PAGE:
ACTION ALERTS 

Thank you for your continuing support.

On November 7, the United Nations declared November 18 as the World Day for the Prevention of, and Healing from Child Sexual Exploitation, Abuse and Violence. The resolution, which was sponsored by Sierra Leone and Nigeria and co-sponsored by more than 120 countries, was adopted by consensus and with the full support of the Vatican State.

 

 

November 18, 2022 marks the first United Nations World Day for the Prevention of, and Healing from Child Sexual Exploitation, Abuse and Violence. Let's light up the world on this day to support this landmark event in the history of the child sexual abuse prevention movement.

CLICK THIS LINK TO JOIN A VIRTUAL EVENT on November 17 & 18, 2022

INVITE YOUR COMMUNITY TO LIGHT A VIRTUAL CANDLE on November 18, 2022

 

FOLLOW US FOR LATEST UPDATES on #Nov18WorldDay

Why a World Day is so important 

United Nations International Days are effective tools for educating the public on issues of concern and mobilizing political will and resources to address global problems impacting humanity.1  

 

The World Day for Child Sexual Abuse Prevention and Healing will:

  1. Increase the awareness of CSEA, and mobilize civil society and governments to act,

  2. Promote greater understanding of the impact of childhood sexual exploitation and abuse,

  3. Motivate governments, and civil society to dedicate resources for the prevention of all forms of child sexual exploitation and abuse,

  4. Promote greater support for social services for those who have been impacted by these tragic crimes,

  5. Help to eliminate the stigma, shame and fear experienced by victims and survivors by elevating their voices, and promoting opportunities for them to seek justice, and the support they require to heal from their childhood trauma.

Did you know

Child sexual exploitation and abuse (CSEA) is a global public health crisis, with significant long-term adverse consequences to the emotional, and physical health and wellbeing of victims, and their family members.  Because of the shame, stigma, and fear associated with their experiences, many victims of CSEA suffer alone and in silence never disclosing, and/or seeking justice, and/or rehabilitation for their abuse.2  As a result, they often live anguished, tortured lives, with a significantly higher risk of mortality related to suicide. Studies found the prevalence of suicide among youths is ten to thirteen times greater in individuals with a history of CSEA.3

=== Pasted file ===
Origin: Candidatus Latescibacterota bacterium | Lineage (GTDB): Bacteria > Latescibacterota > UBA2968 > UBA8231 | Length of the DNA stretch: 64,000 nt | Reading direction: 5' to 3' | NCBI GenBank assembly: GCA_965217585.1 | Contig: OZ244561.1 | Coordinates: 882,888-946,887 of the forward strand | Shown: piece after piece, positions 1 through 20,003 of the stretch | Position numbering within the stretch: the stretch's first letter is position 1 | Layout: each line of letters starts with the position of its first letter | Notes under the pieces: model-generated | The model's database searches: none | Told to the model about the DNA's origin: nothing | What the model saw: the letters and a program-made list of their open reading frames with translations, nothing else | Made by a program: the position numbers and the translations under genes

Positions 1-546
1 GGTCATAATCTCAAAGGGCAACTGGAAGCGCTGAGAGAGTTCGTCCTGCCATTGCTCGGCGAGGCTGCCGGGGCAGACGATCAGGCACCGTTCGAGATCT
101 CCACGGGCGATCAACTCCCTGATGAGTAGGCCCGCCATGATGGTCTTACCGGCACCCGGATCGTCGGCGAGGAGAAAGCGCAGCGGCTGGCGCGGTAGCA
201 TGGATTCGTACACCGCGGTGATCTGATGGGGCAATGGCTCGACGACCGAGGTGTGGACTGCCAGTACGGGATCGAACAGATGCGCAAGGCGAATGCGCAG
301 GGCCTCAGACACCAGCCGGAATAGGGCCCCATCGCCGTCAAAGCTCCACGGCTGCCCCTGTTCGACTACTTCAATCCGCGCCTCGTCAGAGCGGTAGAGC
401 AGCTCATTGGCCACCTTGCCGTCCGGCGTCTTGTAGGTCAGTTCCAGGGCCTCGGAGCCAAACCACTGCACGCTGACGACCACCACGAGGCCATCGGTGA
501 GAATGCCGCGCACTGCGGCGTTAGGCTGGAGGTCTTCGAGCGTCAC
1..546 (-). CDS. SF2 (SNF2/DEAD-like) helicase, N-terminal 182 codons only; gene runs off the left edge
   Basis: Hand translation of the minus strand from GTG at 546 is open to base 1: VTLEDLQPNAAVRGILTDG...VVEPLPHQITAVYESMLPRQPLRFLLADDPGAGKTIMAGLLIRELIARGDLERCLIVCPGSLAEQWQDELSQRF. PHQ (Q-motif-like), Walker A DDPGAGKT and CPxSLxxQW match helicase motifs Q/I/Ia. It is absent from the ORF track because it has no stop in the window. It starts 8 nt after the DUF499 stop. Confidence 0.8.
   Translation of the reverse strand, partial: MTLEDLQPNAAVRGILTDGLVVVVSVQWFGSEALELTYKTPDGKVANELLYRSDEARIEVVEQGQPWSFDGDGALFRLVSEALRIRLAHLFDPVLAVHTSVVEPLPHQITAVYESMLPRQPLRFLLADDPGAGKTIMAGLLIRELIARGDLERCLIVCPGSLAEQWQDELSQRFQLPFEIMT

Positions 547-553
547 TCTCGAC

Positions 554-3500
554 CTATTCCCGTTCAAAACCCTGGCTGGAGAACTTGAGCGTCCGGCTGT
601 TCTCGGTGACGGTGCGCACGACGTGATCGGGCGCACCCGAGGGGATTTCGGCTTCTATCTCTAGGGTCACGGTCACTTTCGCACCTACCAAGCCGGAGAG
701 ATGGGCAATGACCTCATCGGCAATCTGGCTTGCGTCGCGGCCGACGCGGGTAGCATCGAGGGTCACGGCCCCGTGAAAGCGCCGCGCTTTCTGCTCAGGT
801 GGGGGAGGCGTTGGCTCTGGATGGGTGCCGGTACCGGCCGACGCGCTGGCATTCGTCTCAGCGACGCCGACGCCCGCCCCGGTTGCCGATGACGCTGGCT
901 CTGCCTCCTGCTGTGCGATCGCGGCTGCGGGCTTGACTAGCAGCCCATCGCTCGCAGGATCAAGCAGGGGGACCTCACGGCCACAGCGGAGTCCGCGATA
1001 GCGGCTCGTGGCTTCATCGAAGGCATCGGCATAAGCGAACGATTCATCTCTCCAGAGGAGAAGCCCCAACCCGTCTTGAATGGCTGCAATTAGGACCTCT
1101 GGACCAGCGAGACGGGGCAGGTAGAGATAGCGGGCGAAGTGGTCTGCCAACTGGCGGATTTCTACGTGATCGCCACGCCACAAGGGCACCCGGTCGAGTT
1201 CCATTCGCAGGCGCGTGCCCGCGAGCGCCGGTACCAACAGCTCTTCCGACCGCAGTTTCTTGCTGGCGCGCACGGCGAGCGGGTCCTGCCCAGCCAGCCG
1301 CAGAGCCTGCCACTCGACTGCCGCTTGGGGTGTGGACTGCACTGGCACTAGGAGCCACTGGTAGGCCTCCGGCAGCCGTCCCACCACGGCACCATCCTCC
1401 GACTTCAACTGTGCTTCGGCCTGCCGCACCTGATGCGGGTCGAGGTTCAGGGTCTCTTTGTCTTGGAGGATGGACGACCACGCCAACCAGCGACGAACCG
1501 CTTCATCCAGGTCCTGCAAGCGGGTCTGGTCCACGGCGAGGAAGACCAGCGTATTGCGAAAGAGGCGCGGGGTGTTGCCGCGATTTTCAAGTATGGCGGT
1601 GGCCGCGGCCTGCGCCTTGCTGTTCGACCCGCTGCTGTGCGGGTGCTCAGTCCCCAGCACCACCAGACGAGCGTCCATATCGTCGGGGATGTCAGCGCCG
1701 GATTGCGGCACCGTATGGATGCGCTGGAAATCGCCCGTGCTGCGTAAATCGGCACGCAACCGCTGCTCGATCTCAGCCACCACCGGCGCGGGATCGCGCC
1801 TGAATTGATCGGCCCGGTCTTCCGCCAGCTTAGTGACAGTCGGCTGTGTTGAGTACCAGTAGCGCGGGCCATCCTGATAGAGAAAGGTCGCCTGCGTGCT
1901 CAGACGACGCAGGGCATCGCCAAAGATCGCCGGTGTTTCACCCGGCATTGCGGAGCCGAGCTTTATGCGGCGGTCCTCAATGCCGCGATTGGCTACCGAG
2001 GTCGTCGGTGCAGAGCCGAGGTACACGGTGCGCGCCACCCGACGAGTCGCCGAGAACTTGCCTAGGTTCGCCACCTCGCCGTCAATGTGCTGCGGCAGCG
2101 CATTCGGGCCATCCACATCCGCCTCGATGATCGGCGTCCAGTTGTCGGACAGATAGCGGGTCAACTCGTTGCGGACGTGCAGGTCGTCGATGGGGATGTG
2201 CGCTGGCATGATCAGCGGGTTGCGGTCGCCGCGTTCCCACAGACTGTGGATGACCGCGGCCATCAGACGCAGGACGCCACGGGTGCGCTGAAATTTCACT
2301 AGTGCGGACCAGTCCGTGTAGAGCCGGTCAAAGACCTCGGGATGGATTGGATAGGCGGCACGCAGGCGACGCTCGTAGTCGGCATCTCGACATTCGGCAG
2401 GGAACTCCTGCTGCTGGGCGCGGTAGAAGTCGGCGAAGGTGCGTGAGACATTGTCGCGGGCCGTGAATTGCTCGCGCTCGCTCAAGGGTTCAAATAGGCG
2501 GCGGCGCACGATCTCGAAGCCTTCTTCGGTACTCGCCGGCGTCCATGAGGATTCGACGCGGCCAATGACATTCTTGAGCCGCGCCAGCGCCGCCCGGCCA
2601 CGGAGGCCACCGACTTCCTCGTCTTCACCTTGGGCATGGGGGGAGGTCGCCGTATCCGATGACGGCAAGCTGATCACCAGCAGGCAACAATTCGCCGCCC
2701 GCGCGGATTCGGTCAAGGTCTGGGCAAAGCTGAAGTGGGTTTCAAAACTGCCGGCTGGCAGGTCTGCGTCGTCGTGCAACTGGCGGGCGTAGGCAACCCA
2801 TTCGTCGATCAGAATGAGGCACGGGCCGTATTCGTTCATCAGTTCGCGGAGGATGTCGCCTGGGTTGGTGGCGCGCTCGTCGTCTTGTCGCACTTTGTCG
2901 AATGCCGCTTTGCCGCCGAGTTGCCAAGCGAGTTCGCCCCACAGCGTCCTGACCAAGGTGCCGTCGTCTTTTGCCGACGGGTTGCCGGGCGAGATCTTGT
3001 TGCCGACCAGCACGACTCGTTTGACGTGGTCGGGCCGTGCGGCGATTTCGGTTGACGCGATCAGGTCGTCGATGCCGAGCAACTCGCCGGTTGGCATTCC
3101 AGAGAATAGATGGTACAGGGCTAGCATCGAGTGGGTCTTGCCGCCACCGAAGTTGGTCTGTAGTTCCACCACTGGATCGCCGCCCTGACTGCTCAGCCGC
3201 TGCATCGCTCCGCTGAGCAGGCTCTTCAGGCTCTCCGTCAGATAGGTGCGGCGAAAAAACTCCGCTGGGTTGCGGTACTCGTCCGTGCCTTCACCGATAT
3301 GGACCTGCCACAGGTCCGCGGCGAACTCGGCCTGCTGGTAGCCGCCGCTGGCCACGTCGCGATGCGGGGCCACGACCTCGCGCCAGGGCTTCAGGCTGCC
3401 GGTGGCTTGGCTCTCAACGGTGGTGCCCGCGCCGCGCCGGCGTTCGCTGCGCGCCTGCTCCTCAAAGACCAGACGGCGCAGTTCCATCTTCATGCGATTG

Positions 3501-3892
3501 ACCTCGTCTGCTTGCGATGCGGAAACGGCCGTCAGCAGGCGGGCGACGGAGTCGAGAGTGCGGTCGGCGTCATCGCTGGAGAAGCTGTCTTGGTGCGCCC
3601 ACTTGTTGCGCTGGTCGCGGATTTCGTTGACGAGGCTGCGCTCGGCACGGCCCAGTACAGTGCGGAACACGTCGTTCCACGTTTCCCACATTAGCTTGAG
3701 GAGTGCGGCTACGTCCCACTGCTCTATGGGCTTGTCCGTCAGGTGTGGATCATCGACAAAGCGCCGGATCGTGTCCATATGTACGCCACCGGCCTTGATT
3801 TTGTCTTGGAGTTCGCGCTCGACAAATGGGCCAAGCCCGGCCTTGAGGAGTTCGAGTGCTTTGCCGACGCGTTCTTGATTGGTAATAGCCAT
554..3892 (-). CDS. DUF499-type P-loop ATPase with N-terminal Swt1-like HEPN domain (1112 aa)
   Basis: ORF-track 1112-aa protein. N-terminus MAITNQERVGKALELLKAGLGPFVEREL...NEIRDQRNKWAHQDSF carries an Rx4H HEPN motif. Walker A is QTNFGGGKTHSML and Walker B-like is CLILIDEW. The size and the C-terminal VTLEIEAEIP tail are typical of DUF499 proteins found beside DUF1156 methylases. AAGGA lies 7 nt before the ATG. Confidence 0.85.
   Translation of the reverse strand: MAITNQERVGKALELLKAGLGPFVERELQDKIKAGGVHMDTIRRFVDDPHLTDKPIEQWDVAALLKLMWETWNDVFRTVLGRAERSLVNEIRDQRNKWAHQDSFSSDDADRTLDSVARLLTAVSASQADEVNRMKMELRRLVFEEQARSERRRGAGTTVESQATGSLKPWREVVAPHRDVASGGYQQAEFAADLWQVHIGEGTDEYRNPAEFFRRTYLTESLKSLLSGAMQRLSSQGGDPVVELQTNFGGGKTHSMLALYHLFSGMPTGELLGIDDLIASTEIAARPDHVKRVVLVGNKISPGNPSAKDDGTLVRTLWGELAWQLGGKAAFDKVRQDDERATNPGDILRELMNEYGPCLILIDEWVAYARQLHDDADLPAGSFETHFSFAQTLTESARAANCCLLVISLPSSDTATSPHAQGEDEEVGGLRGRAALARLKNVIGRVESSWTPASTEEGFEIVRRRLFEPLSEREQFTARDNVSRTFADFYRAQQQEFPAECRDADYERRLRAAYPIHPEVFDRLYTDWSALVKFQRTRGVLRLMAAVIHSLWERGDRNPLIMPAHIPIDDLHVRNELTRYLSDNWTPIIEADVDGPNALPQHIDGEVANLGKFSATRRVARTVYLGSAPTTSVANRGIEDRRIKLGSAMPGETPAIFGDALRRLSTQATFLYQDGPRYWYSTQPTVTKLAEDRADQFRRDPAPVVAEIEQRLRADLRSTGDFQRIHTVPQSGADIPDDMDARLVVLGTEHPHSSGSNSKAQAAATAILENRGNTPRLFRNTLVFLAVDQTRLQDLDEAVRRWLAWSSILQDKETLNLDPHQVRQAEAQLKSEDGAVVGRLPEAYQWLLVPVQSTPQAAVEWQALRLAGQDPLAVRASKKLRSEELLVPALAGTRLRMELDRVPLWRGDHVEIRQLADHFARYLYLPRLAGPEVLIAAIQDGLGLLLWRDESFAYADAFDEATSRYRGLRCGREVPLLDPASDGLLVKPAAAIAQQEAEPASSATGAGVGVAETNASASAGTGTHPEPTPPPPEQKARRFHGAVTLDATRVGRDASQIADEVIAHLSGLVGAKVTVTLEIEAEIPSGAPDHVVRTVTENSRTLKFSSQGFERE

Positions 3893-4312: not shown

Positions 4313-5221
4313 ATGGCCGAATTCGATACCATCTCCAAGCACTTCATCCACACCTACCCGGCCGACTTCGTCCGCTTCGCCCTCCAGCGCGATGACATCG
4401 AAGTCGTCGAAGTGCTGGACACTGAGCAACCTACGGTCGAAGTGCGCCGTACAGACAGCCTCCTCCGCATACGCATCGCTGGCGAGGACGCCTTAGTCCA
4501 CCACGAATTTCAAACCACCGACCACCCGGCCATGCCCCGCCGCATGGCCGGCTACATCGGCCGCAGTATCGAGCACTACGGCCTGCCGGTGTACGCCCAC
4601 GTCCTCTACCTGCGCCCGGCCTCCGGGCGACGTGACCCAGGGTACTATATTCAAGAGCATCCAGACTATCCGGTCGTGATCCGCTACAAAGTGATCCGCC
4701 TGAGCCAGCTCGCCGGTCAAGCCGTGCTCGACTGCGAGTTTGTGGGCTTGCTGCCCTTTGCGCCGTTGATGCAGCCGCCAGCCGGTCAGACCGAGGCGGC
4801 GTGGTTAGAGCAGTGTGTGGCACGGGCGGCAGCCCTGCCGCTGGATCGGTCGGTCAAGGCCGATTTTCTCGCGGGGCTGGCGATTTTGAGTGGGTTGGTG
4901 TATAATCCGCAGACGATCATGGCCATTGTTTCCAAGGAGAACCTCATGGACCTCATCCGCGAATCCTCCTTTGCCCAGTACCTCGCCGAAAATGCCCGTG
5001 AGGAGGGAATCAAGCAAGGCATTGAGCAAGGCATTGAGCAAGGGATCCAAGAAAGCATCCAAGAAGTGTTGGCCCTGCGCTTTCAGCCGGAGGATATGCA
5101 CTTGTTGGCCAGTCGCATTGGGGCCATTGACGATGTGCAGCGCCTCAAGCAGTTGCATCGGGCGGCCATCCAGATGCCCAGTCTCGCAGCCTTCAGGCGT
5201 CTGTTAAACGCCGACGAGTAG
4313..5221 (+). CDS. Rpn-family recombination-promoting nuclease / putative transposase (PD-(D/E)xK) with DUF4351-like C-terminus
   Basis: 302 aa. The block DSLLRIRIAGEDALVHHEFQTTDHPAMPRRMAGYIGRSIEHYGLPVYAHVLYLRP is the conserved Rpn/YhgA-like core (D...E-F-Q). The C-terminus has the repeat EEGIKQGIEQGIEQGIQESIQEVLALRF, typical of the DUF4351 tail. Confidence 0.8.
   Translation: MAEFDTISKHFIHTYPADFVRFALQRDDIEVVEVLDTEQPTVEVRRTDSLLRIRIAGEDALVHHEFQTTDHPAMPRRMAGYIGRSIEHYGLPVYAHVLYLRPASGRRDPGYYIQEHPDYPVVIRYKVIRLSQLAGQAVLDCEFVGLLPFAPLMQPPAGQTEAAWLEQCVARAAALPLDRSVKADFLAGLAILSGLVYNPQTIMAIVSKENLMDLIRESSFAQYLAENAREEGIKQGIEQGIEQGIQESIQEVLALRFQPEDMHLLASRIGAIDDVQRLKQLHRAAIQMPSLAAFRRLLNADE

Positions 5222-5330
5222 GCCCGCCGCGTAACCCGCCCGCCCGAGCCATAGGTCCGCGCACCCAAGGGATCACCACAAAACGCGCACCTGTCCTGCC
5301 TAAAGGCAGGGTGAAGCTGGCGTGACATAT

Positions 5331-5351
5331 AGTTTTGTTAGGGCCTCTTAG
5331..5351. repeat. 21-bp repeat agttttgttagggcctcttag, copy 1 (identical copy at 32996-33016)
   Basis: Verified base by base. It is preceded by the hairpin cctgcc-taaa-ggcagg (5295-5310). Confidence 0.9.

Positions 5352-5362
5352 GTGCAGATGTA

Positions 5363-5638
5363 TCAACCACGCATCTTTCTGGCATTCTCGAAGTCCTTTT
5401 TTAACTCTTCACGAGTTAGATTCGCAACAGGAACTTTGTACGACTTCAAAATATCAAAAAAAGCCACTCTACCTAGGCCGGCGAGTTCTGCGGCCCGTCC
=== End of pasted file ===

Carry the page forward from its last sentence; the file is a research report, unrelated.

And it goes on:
Globally, one in 5 women and 1 in 13 men report having been sexually abused as a child aged 0-17 years, and in some regions of the world, 1 in 3 children have experienced some form of CSEA before their 19th birthday.4  The World Health Organization (WHO) reports 120 million girls and young women under 20 years of age have suffered some form of forced sexual contact.5 However, child sexual exploitation and abuse is not solely restricted to physical contact; sexual abuse often includes sexually oriented non-contact, such as exposure, voyeurism, and child pornography.

Globally, 7 trillion (USD), representing 8 percent of GDP, is lost each year because of violence against children, including sexual exploitation and abuse. According to a report by the CDC, effective evidence-based strategies are available to proactively protect children against CSEA, but few have been widely disseminated due to the lack of awareness and understanding of the problem; inadequate, or unenforced policies; and insufficient resources at the local, national, and international level.6

 

The prevalence and serious sequelae associated with child sexual abuse, combined with the economic consequences, and the fact that CSEA is preventable has placed CSEA among the 24 risk factors identified by the WHO as substantively contributing to the global burden of disease.7